How to Taste Wine Like a Pro

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The most important aspect of tasting wine is smelling it. Most of "tasting" something is experiencing its aroma.

Things You'll Need

  • Wines
  • Corkscrews
  • Wine Glasses

Smelling and Initial Tasting

  • Bring the glass down to a normal level and, while holding the stem, swirl the glass rapidly. This will increase the surface area of the wine by allowing it to move up the sides of the glass. This also helps to release the volatile chemicals of the wine into the air.

  • Stop swirling. Insert your nose into the glass and inhale by taking quick, full sniffs. Some people prefer to take short sniffs, some prefer to just stick their nose in and leave it there for a while. Determine any off-odors, identify any grape aroma and rank the strength of the aroma.

  • Analyze the aroma further. Try to detect the smell of fruity or floral notes. Decide what they remind you of if possible. Next, note the presence of spices, such as pepper, anise, cinnamon, vanilla, tea or possibly nuts. Finally, note the presence of other aromas, such as cedar, oak, dust, moist earth, herbs, chocolate, tobacco, toastiness, smoke, tar, mushrooms, red meat, grass, hay, or asparagus.

  • Sip a small amount of wine and move it over your entire tongue so that all your taste buds come in contact with it. The trick to tasting wine is to allow the aromas of the wine to enter your nasal passageway at the back of your throat. Some people pucker their lips and suck in a small amount of air through the wine. Others find it easier to chew the wine as if it were food. Both of these methods will force the aromas of the wine through the nasal passage and will increase your experience of the wine.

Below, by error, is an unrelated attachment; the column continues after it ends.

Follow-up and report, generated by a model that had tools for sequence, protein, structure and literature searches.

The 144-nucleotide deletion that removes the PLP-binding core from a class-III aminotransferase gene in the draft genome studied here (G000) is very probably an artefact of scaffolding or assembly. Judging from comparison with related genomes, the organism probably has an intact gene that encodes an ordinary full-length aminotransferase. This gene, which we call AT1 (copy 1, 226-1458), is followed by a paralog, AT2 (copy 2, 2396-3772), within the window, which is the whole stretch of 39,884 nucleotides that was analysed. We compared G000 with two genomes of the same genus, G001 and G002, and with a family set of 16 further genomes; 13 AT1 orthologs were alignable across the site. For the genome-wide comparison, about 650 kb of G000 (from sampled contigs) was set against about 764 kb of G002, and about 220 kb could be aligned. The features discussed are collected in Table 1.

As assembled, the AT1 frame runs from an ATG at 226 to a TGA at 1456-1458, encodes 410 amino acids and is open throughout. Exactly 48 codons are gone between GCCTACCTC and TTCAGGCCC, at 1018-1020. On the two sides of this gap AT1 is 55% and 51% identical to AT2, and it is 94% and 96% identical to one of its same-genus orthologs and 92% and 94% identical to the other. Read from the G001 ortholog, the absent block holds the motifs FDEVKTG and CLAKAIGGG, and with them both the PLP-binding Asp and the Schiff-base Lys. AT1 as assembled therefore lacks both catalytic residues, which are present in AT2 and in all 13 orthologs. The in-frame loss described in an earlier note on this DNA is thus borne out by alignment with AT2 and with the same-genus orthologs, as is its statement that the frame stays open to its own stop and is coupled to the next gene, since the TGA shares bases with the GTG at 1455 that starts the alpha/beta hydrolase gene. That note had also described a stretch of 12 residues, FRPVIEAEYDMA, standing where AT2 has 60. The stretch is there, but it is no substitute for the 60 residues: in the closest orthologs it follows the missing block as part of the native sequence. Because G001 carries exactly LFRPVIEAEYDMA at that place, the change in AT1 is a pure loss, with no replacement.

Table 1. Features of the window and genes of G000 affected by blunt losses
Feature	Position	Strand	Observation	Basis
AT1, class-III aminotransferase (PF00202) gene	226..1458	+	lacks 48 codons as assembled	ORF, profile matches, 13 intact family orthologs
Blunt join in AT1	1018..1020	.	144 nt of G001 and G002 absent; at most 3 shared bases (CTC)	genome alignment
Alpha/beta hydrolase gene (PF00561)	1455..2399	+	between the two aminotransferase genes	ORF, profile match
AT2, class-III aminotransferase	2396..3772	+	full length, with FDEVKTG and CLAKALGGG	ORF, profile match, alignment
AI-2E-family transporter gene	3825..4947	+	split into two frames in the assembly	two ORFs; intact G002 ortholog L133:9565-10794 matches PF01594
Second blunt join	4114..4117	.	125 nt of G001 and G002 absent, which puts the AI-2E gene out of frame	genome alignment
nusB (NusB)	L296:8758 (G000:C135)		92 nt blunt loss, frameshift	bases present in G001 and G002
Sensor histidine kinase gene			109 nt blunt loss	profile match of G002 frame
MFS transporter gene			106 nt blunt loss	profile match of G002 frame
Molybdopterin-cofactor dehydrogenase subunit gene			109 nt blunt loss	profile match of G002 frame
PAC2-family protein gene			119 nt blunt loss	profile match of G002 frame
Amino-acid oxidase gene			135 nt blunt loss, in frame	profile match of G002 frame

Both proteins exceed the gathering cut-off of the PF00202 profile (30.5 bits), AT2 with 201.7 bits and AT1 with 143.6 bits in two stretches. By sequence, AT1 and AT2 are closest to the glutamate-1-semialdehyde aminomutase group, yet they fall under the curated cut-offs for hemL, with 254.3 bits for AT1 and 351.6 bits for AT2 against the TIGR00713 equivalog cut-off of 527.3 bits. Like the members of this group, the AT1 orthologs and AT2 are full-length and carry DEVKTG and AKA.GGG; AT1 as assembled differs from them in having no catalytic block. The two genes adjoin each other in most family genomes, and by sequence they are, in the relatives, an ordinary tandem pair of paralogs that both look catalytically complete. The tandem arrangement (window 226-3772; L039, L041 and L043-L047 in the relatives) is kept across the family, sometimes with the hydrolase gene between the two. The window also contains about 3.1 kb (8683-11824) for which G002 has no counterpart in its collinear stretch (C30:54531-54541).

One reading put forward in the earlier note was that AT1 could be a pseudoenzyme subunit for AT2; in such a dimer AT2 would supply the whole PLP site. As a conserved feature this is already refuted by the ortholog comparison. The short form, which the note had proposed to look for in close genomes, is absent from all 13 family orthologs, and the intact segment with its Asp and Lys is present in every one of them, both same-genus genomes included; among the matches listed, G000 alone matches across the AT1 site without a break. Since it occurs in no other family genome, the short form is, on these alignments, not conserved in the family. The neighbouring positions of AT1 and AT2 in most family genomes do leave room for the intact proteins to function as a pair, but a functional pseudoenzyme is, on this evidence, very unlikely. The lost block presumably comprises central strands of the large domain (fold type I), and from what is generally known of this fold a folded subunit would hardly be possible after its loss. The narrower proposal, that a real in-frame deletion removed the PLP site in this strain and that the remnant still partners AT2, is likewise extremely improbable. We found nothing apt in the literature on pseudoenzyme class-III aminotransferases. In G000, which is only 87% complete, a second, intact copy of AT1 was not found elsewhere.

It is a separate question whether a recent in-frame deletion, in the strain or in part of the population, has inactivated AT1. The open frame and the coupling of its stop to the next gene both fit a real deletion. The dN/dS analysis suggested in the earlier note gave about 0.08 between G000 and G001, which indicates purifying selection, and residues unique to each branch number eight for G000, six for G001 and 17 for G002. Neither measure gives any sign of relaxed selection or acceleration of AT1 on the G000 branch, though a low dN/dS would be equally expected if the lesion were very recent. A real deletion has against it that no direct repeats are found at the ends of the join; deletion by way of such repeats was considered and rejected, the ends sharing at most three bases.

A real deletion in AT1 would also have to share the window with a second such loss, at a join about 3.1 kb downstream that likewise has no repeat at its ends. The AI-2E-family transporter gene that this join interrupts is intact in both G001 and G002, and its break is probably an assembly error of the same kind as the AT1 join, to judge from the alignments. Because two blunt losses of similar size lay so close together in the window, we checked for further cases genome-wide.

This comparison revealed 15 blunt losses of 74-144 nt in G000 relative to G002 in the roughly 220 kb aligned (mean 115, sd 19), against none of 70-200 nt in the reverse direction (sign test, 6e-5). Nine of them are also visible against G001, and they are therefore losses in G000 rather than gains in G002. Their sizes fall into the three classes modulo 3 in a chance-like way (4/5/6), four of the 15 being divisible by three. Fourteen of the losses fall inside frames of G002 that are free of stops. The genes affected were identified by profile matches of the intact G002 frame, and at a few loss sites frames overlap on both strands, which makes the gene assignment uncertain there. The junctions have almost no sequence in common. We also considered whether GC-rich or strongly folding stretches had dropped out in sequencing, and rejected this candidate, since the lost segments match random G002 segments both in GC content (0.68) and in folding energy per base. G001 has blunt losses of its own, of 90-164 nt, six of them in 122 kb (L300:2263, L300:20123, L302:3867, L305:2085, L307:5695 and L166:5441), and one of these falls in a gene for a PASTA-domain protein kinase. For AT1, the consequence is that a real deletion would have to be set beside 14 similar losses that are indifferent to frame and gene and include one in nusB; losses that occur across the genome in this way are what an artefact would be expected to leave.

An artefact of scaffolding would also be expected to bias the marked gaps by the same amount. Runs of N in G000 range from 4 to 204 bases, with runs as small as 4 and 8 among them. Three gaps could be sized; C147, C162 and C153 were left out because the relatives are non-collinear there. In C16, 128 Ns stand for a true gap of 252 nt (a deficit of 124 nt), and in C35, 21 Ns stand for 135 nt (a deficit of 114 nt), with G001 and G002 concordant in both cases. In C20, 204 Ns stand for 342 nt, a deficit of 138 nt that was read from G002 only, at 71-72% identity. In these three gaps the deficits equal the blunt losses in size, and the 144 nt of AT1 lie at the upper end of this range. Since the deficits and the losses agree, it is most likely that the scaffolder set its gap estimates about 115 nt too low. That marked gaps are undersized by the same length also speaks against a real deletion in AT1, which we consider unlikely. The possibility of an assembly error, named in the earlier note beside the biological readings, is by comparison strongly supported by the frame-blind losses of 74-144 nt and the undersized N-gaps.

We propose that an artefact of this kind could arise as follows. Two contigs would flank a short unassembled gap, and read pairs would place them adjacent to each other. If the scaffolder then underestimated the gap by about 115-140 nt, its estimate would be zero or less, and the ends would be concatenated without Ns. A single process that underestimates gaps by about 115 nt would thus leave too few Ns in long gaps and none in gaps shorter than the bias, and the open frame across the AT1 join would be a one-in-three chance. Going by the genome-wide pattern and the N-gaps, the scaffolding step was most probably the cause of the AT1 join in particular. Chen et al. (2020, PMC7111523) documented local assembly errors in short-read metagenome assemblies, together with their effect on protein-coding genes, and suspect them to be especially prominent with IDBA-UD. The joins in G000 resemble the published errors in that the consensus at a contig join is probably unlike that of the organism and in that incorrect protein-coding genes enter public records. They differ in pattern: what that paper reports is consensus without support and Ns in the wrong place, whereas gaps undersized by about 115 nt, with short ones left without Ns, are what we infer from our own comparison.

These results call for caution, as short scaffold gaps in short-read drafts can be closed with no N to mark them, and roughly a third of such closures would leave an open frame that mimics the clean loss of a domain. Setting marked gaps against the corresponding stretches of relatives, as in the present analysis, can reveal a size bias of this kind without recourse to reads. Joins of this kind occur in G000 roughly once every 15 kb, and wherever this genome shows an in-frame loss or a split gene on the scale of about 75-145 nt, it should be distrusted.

• Note how long the flavors remain in your mouth after you've swallowed the wine. This is called length. Some wines can have up to one minute of length. Also be aware of any overbearing presence of alcohol. A wine should have enough balance that you're barely aware of the alcohol in it.

Judging

  • Look for a very light shade of straw-toned color in white wines such as chardonnay and white Riesling. For semillon and sauvignon blanc, look for a more definite yellow color. For sweeter wines, look for a more golden color.

  • Note colors of red wines range from pink to different tones of purple. Rosés are usually medium pink. A brown tinge in a rosé is usually not desirable. Red wines range from "medium red" to "high red." A purple could indicate a young wine or a particular variety of grape.

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  • Check for clarity of the wine. Notice if the wine is clear and free of suspended material - this is termed a brilliant wine. Some descriptions to use include brilliant, clear, dull, and cloudy. Dull indicates haziness, and cloudy indicates heavy amounts of suspended material.

  • As a beginner, focus on unwanted smells such as yeast, wood, mold, sulfur dioxide, oxidation (brackishness), acetic acid (vinegar) and hydrogen sulfide (rotten egg).

  • Taste for sweetness or dryness. An acid bite indicates the vitality of the wine. Taste for excessive tannins (bitter and rough)and for vinegar flavor, which is usually not desirable.

  • Note boldness, fullness and richness while tasting. These tend to indicate a wine with good body.

Tips & Warnings

  • If you've snickered at people who swirl their wine incessantly, you won't any longer. This is the best way to allow wine to have its intended effect on your senses.
  • Some funny (but genuine) taste and aroma descriptors are: horsey, barnyard, cat urine, mossy, hot, stewed, cooked, yeasty, dirty and candied.
  • Strong aromas of wet cardboard, vinegar, Madeira, sulfur or nail polish indicate a problem with a table wine. Wines that smell of these are not harmful to drink, but they won't taste very good either.

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